AI Strategy and Concepts Bibliography

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Burns, G. R., Collier, R. T., Cornish, R. J., Curley, K. J., Freeman, A., & Spears, J. (2021). Evaluating artificial intelligence methods for use in kill chain functions. Unpublished PhD thesis, Monterey, CA; Naval Postgraduate School. 
Added by: SijanLibrarian (2022-05-02 10:28:07)   Last edited by: SijanLibrarian (2022-05-02 10:29:51)
Resource type: Thesis/Dissertation
BibTeX citation key: Burns2021
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Categories: Artificial Intelligence, Cognitive Science, Computer Science, Data Sciences, Decision Theory, Engineering, General, Geopolitical, Military Science
Subcategories: Autonomous systems, Command and control, Decision making, Drones, Edge AI, Human decisionmaking, JADC2, Machine learning, Military research, NATO, Networked forces, Psychology of human-AI interaction, United States
Creators: Burns, Collier, Cornish, Curley, Freeman, Spears
Publisher: Monterey, CA; Naval Postgraduate School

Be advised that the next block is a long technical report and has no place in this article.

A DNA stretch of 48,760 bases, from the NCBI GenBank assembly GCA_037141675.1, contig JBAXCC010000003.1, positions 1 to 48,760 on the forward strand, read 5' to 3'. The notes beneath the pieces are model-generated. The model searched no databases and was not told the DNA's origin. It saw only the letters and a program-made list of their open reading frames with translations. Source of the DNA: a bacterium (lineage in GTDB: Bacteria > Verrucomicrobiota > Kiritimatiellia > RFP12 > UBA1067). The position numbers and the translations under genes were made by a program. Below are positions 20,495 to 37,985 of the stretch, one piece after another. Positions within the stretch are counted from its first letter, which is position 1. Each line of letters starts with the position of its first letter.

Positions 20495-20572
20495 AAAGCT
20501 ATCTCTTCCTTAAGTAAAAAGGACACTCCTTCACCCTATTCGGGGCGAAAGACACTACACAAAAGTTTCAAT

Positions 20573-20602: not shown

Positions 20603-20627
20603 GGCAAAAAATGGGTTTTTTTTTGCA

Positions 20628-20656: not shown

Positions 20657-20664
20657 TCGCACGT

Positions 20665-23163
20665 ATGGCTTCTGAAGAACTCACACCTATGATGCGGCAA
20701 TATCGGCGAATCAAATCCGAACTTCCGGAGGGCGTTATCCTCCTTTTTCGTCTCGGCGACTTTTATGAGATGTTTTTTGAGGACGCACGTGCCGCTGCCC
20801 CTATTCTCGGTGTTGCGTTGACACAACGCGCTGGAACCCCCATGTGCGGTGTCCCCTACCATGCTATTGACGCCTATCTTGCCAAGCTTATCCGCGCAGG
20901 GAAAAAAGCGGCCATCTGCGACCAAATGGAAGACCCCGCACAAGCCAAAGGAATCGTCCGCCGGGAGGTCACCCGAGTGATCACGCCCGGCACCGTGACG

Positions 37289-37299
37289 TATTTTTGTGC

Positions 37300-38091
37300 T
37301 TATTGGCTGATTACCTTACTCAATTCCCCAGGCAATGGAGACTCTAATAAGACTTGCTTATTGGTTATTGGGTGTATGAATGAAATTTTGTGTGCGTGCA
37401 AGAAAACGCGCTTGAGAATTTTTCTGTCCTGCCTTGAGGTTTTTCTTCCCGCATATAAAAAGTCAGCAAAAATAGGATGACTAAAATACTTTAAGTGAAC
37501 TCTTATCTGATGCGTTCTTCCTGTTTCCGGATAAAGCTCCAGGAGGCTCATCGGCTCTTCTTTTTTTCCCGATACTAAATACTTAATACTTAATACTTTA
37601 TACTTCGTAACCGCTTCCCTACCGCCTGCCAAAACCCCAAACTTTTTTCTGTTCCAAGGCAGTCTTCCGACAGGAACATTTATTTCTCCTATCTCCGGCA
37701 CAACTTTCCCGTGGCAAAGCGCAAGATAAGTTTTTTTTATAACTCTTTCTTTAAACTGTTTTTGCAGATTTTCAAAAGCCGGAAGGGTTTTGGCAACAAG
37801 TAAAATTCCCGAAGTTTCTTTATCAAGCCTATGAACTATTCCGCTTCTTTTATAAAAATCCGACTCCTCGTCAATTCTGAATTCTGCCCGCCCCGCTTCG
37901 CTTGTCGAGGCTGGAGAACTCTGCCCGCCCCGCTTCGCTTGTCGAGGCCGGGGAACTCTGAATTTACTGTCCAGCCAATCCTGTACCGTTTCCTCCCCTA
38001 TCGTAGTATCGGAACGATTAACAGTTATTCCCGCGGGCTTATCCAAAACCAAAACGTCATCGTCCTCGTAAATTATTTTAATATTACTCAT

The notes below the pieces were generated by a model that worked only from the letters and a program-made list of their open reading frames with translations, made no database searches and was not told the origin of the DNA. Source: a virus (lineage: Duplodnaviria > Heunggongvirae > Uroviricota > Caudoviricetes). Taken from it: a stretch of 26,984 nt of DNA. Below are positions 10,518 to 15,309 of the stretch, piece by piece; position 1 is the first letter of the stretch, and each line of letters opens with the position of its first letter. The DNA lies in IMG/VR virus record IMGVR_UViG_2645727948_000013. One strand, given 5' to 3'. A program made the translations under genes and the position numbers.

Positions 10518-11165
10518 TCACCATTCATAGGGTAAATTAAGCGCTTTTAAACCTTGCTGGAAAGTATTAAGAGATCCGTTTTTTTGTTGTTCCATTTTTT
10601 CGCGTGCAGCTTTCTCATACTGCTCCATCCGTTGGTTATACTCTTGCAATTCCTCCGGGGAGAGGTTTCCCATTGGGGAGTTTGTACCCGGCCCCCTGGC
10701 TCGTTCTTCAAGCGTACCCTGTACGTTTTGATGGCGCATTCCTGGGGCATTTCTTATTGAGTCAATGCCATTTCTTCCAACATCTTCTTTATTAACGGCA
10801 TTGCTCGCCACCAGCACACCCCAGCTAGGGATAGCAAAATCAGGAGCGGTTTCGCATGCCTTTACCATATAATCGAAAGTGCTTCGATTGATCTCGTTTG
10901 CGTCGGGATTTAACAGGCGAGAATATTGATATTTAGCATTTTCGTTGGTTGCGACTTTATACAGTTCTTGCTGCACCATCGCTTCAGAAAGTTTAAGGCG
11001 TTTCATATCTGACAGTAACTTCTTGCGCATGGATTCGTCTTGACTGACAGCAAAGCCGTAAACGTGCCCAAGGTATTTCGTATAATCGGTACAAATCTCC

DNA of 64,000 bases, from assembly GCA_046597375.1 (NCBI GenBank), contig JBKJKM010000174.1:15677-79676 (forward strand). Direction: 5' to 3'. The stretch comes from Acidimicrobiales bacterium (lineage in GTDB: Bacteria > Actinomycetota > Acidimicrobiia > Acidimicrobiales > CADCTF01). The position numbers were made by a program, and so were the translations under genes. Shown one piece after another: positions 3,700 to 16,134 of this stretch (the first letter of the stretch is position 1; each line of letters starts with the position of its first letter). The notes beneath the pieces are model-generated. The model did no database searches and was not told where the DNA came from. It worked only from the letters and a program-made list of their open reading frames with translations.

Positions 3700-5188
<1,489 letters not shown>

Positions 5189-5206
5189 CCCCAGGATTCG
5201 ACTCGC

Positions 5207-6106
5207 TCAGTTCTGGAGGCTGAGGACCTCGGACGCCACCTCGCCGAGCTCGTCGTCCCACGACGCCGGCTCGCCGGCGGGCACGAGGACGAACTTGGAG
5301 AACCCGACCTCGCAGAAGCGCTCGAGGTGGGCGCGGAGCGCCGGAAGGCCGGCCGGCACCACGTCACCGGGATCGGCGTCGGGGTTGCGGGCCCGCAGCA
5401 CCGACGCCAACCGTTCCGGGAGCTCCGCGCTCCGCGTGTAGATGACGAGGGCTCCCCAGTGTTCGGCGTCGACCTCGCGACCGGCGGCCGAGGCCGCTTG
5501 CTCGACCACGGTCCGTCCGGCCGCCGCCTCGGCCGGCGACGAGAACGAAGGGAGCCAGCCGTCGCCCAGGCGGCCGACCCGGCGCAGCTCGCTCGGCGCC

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Current naval operations require sailors to make time-critical and high-stakes decisions based on uncertain situational knowledge in dynamic operational environments. Recent tragic events have resulted in unnecessary casualties, and they represent the decision complexity involved in naval operations and specifically highlight challenges within the OODA loop (Observe, Orient, Decide, and Assess). Kill chain decisions involving the use of weapon systems are a particularly stressing category within the OODA loop—with unexpected threats that are difficult to identify with certainty, shortened decision reaction times, and lethal consequences. An effective kill chain requires the proper setup and employment of shipboard sensors; the identification and classification of unknown contacts; the analysis of contact intentions based on kinematics and intelligence; an awareness of the environment; and decision analysis and resource selection. This project explored the use of automation and artificial intelligence (AI) to improve naval kill chain decisions. The team studied naval kill chain functions and developed specific evaluation criteria for each function for determining the efficacy of specific AI methods. The team identified and studied AI methods and applied the evaluation criteria to map specific AI methods to specific kill chain functions.

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